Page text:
The idea that King would oppose this generation’s most prominent struggle for racial justice is absurd, of course, but I appreciate Ulriksen making the point explicitly that Kaep and Michael Bennett and the rest of those who kneel and march in service of justice today are firmly in keeping with King’s legacy. In his time, King was in many ways an American radical. He wasn’t murdered for being a moderate.
Via Political Animal:

 

Why Bevin is Dead Wrong About Medicaid

Mostly because he's an obscenely rich libertarian motherfucker who thinks that people who were not born rich don't deserve to live.

More specifically:

Now, before you get all “ARE THEY GONNA MAKE NURSING HOME RESIDENTS WORK IN COAL MINES,” the letter is quite clear that states can only throw people off healthcare for not working if they’re “non-elderly, non-pregnant adult Medicaid beneficiaries who are eligible for Medicaid on a basis other than disability.” So relax! Sending Meemaw to the coal mines is Phase III, and won’t even be considered until CHIP reauthorization is made conditional on the repeal of child labor laws.
SNIP

And if most people currently getting Medicaid are already working, or seem to have a good reason not to be working (which may win them an exemption from the work requirement), then why the hell is a work requirement needed in the first goddamn place? That’s simple: You gotta tighten the screws on poor people, because no matter what the reality is, Republicans just know life in poverty is an endless funtimes parade of free stuff. The goal here is to add more barriers to people living the high life on Medicaid, and the result will be fewer people getting the medical care that really can improve their job prospects.

Emma Sandoe is, as always on this subject, excellent:
Eight in 10 Medicaid beneficiaries of working age already live in working families. Recent analysis by the Kaiser Family Foundation has found that the most Medicaid beneficiaries who are not working are sick or disabled (but do not meet the rigid definitions of disability outlined by the Social Security Administration), or they are taking care of their family who may be elderly, sick or children that need care. Many more are in school or are retired.
These people have valid reasons for not working and taking away their health insurance will likely make their health worse or worsen the health of the people that they are caring for. The administration has created a solution to a problem that does not exist.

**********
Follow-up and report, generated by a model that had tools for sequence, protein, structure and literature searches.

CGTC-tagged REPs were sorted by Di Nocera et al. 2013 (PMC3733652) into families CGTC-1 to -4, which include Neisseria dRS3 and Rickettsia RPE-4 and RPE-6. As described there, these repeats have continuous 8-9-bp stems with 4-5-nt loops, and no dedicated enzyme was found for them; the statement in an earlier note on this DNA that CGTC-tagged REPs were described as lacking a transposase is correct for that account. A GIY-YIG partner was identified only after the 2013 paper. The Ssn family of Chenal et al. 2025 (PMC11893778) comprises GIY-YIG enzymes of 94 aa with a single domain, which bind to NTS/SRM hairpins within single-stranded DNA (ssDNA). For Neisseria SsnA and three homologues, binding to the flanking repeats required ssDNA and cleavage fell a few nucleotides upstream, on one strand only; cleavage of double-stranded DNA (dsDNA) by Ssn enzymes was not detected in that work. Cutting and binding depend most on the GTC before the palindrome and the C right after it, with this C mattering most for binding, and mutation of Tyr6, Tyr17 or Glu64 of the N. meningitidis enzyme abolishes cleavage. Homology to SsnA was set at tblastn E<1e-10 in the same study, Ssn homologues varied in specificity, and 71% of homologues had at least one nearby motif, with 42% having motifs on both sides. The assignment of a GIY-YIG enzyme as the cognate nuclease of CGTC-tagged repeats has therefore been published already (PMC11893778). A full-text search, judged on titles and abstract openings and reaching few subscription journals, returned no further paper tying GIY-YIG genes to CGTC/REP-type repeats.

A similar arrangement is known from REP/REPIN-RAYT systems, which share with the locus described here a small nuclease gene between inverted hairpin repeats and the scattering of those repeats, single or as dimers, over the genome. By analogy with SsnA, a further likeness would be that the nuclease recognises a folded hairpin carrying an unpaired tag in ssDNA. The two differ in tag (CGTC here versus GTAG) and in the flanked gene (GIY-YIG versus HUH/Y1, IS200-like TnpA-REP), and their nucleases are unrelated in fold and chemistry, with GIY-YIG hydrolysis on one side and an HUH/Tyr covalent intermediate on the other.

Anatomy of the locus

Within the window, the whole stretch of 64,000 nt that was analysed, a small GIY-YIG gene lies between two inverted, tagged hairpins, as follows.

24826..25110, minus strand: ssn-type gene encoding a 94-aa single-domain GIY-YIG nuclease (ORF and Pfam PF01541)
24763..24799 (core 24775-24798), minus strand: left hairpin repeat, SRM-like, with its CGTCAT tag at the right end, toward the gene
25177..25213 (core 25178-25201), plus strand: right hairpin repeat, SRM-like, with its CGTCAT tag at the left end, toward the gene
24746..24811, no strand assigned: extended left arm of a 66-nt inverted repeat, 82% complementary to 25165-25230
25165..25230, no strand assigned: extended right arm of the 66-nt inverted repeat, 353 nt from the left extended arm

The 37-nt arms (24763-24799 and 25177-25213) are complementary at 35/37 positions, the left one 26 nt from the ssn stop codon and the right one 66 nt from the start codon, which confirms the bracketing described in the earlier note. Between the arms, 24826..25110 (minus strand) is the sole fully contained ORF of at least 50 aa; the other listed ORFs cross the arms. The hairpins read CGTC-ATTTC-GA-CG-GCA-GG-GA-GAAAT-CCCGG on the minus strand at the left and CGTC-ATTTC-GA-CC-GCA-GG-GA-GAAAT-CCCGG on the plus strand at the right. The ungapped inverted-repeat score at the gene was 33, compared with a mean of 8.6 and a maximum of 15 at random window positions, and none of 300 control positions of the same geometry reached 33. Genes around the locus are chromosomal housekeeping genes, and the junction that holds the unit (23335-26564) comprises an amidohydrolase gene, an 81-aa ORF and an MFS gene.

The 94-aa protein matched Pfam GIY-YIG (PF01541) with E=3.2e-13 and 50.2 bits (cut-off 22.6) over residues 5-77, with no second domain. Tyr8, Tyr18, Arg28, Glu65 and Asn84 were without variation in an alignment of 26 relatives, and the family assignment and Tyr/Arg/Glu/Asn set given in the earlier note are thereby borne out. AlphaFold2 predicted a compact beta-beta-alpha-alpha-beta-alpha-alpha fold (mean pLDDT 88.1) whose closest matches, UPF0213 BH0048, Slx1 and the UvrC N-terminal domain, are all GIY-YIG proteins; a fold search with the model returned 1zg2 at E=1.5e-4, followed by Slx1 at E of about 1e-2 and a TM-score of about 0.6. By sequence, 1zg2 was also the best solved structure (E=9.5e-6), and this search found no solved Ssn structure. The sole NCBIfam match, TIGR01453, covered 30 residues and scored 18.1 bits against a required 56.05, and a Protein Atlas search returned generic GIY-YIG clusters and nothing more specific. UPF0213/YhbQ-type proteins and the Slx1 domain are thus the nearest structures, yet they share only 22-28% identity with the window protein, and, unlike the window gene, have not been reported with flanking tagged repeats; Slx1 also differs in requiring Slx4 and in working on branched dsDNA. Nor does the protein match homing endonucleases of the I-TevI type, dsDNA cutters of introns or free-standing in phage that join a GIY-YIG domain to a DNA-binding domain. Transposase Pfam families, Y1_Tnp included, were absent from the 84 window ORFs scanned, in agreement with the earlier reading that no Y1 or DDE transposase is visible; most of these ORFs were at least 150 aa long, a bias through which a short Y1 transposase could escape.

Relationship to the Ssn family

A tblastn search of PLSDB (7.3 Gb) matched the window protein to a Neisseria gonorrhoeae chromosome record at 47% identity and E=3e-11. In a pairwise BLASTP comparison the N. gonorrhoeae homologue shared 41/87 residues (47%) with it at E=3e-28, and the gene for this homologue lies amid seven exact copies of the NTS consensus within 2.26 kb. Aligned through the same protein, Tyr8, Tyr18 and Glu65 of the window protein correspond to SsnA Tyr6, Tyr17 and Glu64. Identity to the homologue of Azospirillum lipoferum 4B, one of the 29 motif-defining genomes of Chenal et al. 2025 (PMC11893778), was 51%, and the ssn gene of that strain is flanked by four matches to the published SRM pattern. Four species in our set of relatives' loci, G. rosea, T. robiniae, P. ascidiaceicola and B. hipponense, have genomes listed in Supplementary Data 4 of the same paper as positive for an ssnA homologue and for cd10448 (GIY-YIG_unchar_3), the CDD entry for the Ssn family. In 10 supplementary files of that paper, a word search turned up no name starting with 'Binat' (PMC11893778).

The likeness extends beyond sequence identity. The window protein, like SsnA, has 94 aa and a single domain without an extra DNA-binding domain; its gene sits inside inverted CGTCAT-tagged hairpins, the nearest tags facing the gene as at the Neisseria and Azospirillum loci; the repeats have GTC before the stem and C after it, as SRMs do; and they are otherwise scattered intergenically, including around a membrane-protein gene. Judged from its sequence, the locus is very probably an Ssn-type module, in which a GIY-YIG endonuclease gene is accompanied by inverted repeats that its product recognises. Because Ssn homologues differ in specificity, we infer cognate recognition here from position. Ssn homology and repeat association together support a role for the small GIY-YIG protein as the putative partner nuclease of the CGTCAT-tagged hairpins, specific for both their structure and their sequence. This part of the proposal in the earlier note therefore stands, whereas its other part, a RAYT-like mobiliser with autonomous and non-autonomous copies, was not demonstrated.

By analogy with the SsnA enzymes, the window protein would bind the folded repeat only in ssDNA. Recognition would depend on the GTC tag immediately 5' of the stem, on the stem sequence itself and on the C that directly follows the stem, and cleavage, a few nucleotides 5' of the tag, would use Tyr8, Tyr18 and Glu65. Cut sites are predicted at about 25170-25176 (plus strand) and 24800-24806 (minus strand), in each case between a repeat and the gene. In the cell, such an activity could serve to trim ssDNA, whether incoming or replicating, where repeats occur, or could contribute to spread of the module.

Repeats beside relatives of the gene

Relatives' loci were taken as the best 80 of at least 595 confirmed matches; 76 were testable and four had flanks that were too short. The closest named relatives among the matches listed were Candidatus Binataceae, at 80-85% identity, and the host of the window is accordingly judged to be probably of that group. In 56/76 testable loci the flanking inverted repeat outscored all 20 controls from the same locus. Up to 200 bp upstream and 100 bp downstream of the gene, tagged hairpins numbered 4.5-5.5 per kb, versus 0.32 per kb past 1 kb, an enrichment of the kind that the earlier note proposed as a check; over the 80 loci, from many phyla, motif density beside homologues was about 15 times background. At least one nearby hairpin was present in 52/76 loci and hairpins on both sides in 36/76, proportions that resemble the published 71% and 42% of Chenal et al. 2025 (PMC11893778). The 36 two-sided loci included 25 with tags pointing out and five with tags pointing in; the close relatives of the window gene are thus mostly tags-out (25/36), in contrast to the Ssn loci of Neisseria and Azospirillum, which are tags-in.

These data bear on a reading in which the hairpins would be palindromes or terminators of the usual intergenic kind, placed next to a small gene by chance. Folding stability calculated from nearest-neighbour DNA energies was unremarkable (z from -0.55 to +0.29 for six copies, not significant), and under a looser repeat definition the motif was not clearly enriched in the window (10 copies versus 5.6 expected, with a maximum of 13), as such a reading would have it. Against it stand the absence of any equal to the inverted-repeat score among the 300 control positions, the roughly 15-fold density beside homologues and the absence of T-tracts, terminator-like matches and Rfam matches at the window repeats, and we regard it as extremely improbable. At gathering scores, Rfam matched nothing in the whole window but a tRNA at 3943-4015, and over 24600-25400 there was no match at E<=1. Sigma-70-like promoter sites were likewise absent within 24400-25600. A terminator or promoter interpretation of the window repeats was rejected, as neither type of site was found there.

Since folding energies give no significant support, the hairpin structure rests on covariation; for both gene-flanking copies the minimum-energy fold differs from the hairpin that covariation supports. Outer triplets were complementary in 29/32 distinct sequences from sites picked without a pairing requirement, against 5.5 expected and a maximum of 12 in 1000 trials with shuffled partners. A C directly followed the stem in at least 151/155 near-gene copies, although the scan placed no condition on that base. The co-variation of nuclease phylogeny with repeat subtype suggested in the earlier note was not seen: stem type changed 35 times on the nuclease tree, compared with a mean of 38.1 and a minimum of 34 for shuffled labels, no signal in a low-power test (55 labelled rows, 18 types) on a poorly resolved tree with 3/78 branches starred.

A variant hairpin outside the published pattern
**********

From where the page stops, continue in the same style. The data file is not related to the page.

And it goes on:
This policy will make it more difficult for people who are eligible for Medicaid and are working in low-wage jobs to be enrolled in the program. Navigating the complexities of health insurance bureaucracy is difficult for anyone. This policy adds another layer of complexity to the system. Now, beneficiaries will have to take additional steps when applying for coverage, as well as monitor and ensure their state government is accurately recording their information to receive the benefits they are already eligible for. Think how the country would respond if Medicare beneficiaries had to regularly prove that they were aging to keep their Medicare cards.
In reality, IT systems don’t always work, mail gets lost and people working two to three jobs to get by and still making little money may not have the time to correct the paperwork. Healthy people who want to get preventative health care will drop out of Medicaid because the additional burden is too high. These people may miss cancer screenings and diagnosis of chronic conditions.
The purpose of any insurance is to protect against financial devastation. Rigorous and recent research shows that Medicaid coverage not only improves a beneficiary’s health, it protects low-income people against bankruptcy and financial loss. These important protections have reduced extreme poverty and allowed many people opportunities to get out of poverty.